The Chamber of Food Industries held a meeting on Wednesday to discuss the implications of police raids on food factories that use sugar and discussed the prime minister’s decision to set a profit margin on certain commodities.
The chamber asserted its rejection of the recent police raids. “The regulatory apparatuses’ campaigns for confiscating sugar from food factories has resulted in halting production in many factories,” said Ashraf Al-Gazayerli, chairperson of the Chamber of Food Industries.
He explained that such measures represent a significant risk to the industry and that the halt of production will be followed by an increase in prices, in addition to laying off thousands of employees if the problem persists.
Moreover, a significant decline in export activity is expected, leading to a reduction in the flow of hard currency to Egypt. Such actions will likely result in a negative impact on the investment climate, said Al-Gazayerli.
“We contacted the authorities to stop this crisis, and they have shown their understanding of the impacts of such actions and reaffirmed their support for investments and providing the means of production for the affected sectors,” Al-Gazayerli continued.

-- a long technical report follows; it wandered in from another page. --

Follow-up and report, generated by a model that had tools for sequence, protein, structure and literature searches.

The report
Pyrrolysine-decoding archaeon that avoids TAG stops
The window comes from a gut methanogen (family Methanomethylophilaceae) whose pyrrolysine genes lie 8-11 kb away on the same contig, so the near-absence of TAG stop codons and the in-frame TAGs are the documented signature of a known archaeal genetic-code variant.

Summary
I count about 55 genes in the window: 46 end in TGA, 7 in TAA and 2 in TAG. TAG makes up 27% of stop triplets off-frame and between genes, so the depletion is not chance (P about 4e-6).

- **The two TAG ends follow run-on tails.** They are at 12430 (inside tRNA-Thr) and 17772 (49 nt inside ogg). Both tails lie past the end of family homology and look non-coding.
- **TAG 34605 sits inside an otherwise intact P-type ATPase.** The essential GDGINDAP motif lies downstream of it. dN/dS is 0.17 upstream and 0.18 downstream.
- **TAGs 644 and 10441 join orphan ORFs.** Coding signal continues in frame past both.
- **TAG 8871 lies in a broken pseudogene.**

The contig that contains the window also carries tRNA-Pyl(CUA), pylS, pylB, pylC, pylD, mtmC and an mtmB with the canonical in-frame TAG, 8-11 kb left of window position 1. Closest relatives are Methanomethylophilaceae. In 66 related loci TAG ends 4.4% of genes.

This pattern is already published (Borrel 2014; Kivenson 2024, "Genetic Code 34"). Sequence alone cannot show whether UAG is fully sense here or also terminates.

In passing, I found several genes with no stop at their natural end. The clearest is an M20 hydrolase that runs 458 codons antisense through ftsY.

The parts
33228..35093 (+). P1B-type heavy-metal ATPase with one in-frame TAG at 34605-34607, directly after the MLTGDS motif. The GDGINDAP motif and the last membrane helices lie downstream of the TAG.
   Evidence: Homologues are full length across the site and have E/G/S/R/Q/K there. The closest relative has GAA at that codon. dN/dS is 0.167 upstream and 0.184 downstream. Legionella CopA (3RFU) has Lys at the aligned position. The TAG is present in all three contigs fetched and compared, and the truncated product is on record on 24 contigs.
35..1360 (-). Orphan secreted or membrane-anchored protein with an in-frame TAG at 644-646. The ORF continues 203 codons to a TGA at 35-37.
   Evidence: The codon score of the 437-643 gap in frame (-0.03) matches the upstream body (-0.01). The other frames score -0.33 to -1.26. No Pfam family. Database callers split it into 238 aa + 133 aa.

On the other, Al-Gazayerli asserted the chamber’s refusal of the prime minister’s decision to set a profit margin on some commodities. The decision represents a clear violation of the law of investment incentives, which prohibits intervention by any administrative authority in pricing or determining profits.
Al-Gazayerli asserted that the return to Law No. 163 of 1950 is not consistent with free market economy dynamics, and it will have a negative impact on the investment climate, noting that Article 27 of the Constitution focuses on promoting investment and confirms the impossibility of returning to the legislation of the 1950s.